A defensive end whose nickname was “Tombstone” has to be a bad SOB! Rich “Tombstone” Jackson was a bad man, famous for moves such as the “head slap” and the “halo spinner” which he used to subdue opposing offensive linemen. It has been reported that the head slap was outlawed in the NFL because of the late great Deacon Jones, however to most of the people that played in the NFL from the late 60’s to the mid seventies they will tell you it was because of “Tombstone”. In the late Lyle Alzado’s book “Mile High” he recalled Rich Jackson as the toughest man he’d ever met, and told the story of Jackson breaking the helmet of Green Bay Packer offensive tackle, Bill Hayhoe, with a head slap. He had 10 sacks in both 1968 and 1970 and posted a career-high total of 11 in 1969. He was named 1st Team All-AFL by the AP, Pro Football Weekly and UPI at the conclusion of the 1968 season and by the AP, NEA,NY Daily News, Pro Football Weekly, The Sporting News and UPI at the end of the 1969 season. He was also a unanimous 1st Team All-NFL choice in 1970.
Jackson’s career was cut short by a severe knee injury midway through the 1971 season. He finished with an unofficial total of 43 sacks, 31 of which came during the three season period of 1968-1970. Despite the shortened career, Sports Illustrated’s football expert, Paul Zimmerman, said that Tombstone Jackson was perhaps the finest overall defensive end and pass rusher he ever saw, a surefire Hall of Famer if he would have had a longer playing career, in a bigger media market. As it was Jackson will be remembered as a great one, only by a handful of football insiders, including those who lined up with and against him. And the way he is remembered by the guys that lined up against him, and what they thought of him as a player will tell you all need to know about “Tombstone” and his abilities on the football field. Very similar to another great Bronco, Terrell Davis, Davis for a few short years was as great as almost any running back that ever lived, but still can’t get recognition in Canton. If the NFL is for the greatest players that ever lived Rich”Tombstone” Jackson deserves to be in it.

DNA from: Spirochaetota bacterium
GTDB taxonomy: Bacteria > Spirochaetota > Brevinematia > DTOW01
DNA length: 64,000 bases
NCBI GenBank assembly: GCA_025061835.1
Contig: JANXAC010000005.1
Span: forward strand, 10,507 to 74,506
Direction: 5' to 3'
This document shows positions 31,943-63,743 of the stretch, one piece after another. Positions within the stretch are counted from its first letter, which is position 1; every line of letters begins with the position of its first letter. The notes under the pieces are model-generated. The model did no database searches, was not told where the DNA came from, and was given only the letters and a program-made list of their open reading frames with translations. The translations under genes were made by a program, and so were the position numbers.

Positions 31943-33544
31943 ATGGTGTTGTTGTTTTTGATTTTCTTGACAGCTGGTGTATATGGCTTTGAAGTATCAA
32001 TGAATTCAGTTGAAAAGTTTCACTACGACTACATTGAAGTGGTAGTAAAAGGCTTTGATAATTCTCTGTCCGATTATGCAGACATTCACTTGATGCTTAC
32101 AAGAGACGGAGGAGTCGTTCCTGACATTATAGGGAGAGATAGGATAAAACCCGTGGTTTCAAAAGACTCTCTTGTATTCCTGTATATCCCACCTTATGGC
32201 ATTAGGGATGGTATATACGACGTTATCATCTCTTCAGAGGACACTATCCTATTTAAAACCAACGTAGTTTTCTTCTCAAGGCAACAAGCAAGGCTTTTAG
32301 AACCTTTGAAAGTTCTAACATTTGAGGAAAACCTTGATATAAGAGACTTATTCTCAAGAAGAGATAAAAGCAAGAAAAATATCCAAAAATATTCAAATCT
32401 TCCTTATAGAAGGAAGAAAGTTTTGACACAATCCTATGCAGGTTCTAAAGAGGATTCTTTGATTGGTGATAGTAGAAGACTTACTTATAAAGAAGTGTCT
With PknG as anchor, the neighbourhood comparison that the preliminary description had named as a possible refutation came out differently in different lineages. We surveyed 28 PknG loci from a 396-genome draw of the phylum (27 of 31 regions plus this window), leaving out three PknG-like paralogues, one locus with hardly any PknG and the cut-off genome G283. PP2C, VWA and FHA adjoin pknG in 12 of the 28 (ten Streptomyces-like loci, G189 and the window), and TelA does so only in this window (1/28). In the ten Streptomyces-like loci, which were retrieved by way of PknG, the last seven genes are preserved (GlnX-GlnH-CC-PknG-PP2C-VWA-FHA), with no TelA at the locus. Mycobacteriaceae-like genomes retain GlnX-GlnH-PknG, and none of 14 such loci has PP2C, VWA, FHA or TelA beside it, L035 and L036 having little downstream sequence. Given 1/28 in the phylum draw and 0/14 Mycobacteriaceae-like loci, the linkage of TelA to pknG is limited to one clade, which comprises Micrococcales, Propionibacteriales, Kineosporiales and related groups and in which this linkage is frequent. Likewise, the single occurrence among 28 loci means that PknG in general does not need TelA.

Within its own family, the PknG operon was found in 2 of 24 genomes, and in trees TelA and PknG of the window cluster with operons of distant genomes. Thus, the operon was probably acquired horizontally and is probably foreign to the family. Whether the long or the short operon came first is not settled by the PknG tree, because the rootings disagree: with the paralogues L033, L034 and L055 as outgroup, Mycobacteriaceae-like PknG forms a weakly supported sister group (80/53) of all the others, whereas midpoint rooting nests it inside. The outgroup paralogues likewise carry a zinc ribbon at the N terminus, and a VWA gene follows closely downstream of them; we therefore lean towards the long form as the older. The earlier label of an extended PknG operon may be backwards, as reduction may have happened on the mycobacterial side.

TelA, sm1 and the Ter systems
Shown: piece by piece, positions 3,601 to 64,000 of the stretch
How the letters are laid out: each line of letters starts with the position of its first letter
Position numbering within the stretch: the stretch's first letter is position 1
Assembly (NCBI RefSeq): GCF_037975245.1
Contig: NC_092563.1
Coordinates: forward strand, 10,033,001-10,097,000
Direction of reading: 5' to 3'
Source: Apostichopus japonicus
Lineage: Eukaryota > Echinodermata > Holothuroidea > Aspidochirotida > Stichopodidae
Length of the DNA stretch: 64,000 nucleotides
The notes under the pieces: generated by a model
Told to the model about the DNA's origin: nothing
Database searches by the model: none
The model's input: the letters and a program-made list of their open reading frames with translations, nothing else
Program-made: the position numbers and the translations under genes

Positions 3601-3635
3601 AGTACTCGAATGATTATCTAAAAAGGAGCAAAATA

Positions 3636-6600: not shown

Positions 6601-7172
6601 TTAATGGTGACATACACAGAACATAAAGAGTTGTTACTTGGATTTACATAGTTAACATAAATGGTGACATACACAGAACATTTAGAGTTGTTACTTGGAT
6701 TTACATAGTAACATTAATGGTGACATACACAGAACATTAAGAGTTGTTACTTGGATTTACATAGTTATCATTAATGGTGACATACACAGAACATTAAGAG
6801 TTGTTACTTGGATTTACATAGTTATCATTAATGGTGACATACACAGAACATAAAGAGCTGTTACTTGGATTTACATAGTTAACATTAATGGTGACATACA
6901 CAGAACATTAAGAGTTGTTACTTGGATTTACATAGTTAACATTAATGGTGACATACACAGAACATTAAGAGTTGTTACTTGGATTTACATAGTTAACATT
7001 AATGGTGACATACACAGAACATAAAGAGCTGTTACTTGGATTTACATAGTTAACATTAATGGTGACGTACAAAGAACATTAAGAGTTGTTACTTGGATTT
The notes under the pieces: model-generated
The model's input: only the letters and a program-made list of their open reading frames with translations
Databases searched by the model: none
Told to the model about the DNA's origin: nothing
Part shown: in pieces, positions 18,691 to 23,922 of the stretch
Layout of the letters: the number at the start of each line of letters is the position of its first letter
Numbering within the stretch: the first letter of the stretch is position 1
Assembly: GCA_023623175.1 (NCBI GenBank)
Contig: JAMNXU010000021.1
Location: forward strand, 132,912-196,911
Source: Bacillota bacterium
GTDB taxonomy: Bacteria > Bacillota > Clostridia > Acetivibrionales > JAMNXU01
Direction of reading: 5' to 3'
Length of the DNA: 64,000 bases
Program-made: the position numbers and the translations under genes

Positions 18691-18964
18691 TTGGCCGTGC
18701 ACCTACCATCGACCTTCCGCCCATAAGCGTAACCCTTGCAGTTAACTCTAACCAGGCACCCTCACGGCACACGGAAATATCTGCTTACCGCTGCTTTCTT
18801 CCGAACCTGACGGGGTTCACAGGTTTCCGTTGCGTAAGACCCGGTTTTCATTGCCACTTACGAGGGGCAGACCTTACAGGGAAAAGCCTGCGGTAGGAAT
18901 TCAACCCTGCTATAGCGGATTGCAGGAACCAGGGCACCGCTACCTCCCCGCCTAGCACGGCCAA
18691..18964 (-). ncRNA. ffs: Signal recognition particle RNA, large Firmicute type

Jackson wore number 87 with the Broncos and was part of the inaugural class of inductees into the Denver Broncos’ “Ring of Fame”. He was inducted in 1984 along with safety Goose Gonsoulin, running back Floyd Little, and wide receiver Lionel Taylor. He was voted to the Colorado Sports Hall of Fame in 1975.
Take a listen to the interview I did with Tombstone Jackson on 4/15/16